Lunch Count – I’ll post photos once I make the chart I use – a MUST – but basically this student is responsible for finding out who brought their lunch, who’s eating first lunch, and who’s eating second lunch. Your busybody is going to love this job.
Paper Passer – There’s always some note coming up from the front office, and they’ll send it to your homeroom to be distributed. I always forget. I never remember! My kids never have their notes home on time, and I’m ashamed. So, I put a basket in a certain location (top of a bookshelf near my desk) and anytime I get something from the front office to go home, I just throw it in that basket. I have a student whose job it is to check the basket and pass out whatever is in there. Boom. Done. My students are so much better at remembering to do these things than me, because for them, it’s a job they’ll look forward to and a reason to get out of their seats.
ictv3 – ictv3 is our school news broadcast that we download from the network each morning and play via Quick Time on our laptops/projectors. Pick a kid who would love to get his hands on your laptop (a responsible one! ha!) and show him how to turn on the projector and access the file from the server. I won’t give out my passwords, of course, but it will sure be nice not having to worry about this.
I know there’s another job I want but I’m drawing a mental blank right now. Think long and hard about the tasks that you would like automated in your homeroom and assign those jobs to students. They’re not too old to enjoy doing things for you – I promise. Oh, and if a student is slacking on the job, fire them. Seriously. Get someone who can do the job properly.
Of course, I don’t have jobs in all of my classes – that is ONLY FOR HOMEROOM. Now, those 10 minutes in the morning aren’t a source of stress for me trying to hurry up and do all the things above. Sure, there are some things that require my attention. But for the most part, I have that precious time to do those last minute things to prepare for my lessons instead of doing paperwork.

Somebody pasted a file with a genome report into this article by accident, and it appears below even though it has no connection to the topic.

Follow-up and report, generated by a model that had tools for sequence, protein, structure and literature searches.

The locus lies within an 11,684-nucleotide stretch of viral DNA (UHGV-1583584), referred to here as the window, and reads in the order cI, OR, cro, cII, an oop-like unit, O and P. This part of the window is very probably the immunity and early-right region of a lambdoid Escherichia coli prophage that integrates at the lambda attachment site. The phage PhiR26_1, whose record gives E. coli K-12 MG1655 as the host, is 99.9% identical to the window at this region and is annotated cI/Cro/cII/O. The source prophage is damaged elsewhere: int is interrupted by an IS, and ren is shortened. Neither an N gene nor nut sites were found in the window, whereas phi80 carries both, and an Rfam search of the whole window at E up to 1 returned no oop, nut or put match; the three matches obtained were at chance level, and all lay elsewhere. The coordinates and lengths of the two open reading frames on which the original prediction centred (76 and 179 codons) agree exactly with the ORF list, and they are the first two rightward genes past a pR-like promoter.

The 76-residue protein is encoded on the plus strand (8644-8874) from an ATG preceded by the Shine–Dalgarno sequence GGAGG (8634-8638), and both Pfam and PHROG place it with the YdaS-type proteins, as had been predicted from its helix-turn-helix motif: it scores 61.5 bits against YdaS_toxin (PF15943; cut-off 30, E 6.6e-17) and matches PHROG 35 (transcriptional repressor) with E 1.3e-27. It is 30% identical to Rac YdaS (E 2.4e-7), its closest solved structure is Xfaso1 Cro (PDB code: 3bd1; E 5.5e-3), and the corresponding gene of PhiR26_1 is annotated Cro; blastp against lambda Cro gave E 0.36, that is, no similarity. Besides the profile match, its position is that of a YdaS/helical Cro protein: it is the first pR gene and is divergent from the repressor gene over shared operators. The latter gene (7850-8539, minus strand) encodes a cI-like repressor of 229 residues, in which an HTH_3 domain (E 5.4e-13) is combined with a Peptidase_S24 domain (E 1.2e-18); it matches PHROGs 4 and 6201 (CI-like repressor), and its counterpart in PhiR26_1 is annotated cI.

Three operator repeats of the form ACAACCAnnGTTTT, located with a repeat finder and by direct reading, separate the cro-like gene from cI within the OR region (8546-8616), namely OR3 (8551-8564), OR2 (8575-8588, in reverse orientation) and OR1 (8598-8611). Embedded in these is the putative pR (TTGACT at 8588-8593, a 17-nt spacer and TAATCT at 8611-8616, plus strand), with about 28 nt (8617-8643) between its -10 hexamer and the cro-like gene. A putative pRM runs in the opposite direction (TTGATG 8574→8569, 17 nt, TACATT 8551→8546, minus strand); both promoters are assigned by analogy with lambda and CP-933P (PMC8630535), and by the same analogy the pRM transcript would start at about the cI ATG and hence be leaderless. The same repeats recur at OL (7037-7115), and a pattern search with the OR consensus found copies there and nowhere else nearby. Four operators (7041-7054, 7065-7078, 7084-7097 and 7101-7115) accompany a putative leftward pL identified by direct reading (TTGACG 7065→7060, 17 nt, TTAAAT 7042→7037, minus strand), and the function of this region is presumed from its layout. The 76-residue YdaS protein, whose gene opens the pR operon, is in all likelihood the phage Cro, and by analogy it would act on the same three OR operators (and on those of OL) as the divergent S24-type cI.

6. Absent Students. Ooooooh BOY.
Absent students are going to become your pet peeve. You’re going to be seeing up to 150 or so students a day, and you aren’t going to remember exactly who was absent on exactly which day. I’m always asking “Who wasn’t here yesterday?” etc. so I can make sure they’re on track for the continuation of what we’re doing. Unfortunately, I don’t have a way to prevent absences. BUT, I will suggest coming up with a system that puts the STUDENTS in charge of obtaining work missed. Simply keep a folder somewhere (I’d need one for each grade level since I teach 6th, 7th, and 8th) for each different class that you teach, and place handouts, copies of notes, etc. in that folder. Hold the students responsible for getting what they missed from that folder. It isn’t a foolproof method, and you’ll still have to do some catching up, but it sure beats shuffling through your files every time a student says “Can I get a copy of that? I was absent.” Ugh. The WORST part about this is that I rarely have something physical to give the student to make up for the class period. I might as well say “YOU MISSED IT! You missed instruction. A whole hour of instruction that you’ll never get again. Oh well!” Ugh.
7. Say “I don’t know.”
Let’s face it. Once you get up to middle school, some of that curriculum is kind of tricky! I mean, some of it gets downright confusing, especially when you’re teaching a subject for the first time and didn’t anticipate the excellent question that a student just asked you. Don’t stutter. Don’t make stuff up. DEFINITELY don’t make stuff up. They’ll see right through you. Be prepared to admit it! Say “I don’t know!” Don’t leave it at that, either. Write the question down (I like to write it right on the white board in the front of the room so that I CAN’T forget it), find out the answer, and tell the student once you find out. Once again, your students aren’t going to tell you this – but they will appreciate you for your honesty. Really.